A Prague court has approved the seizure of assets belonging to Czech businessman and former senator Vaclav Fischer, as well as his company Fischer Limited, co-owners of the country's largest travel agency Fischer Air. According to a district judge a local court has also received three proposals for distraint against Fischer Air itself. Alleged debts there have been said to reach 100 million Czech crowns, raising questions about the future of the travel agency. Fischer Air runs three Boeing 737 aircraft, but they cannot be seized because the company has not paid the lease on them and hence does not own them.
The Czech Central bank has cut interest rates by a quarter of a percentage point, surprising the market which had not anticipated any change. The decision brought the key two week repo rate to an all time low of 2 percent. The surprise cut is another in a long string of monetary easings that began in November 2001. The cuts have aimed to fend off upward pressures on the crown. Prague economists predict the latest cut must have been made in connection with a significant lowering of the inflation forecast for 2004.
Hygiene officers have been unable to stop the techno party CzechTek, despite an official order for it to end on the grounds of excessive noise pollution. According to the CTK press agency hygiene officers were unable to locate the organizers to hand over an official ban. The techno party which started last weekend near Ledkov, north of Prague, has evoked numerous complaints from the locals who said they had had no sleep for five successive nights as a result of the excessive noise. 40,000 young people attended the techno party at its peak, now there are only several hundred people left. A clean up operation has already started. The techno party was allegedly held without approval from the local town hall, merely on the grounds of an agreement between the organizers and the owner of the respective property.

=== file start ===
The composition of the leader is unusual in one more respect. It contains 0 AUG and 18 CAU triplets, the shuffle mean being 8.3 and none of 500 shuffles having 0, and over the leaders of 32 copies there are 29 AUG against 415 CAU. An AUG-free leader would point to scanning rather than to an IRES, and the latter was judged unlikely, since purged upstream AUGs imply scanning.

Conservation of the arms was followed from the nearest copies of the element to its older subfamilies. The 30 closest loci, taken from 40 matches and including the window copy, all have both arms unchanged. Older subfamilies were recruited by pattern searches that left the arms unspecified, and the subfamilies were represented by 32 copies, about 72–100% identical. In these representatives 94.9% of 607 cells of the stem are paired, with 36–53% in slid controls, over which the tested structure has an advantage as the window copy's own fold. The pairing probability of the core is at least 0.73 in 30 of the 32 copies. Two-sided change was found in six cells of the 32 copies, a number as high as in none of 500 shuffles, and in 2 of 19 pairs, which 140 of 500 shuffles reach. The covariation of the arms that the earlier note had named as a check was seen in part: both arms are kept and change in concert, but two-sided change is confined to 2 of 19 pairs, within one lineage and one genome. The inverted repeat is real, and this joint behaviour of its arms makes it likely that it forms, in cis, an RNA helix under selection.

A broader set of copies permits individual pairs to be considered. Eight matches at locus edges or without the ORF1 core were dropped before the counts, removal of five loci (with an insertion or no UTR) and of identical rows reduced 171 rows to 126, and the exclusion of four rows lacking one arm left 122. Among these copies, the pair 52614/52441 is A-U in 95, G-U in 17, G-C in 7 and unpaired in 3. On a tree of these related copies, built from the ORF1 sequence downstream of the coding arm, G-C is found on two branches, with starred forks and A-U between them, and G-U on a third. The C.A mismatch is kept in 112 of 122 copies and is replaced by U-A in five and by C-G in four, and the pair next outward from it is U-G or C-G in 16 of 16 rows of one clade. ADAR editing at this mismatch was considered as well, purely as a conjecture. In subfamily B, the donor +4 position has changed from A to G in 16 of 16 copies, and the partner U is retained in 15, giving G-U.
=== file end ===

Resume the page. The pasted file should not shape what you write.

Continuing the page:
Tomas Klvana is giving up his post as presidential spokesman to Vaclav Klaus, in order to seek a career in the diplomatic service. The move comes just five months after Mr Klvana took up the position at Prague Castle, after Mr Klaus was elected in February. According to the spokesman the president had been informed in advance and had agreed with the possibility that Mr Klvana would give up the post if certain career opportunities arose. Recently, however, the French daily Le Figaro reported that Mr Klaus threatened to fire Mr Klvana last month after he had not been given questions for an interview in advance. In the interview the president was asked about parliamentary votes he allegedly received from the Communist Party to be able to clinch the Czech presidency. Until a new spokesman can be named, Tomas Klvana will be replaced by the head of the presidential office's press department Petr Hajek.
Friday should be partly cloudy to overcast with scattered showers and day temperatures between 23 and 26 degrees Celsius.
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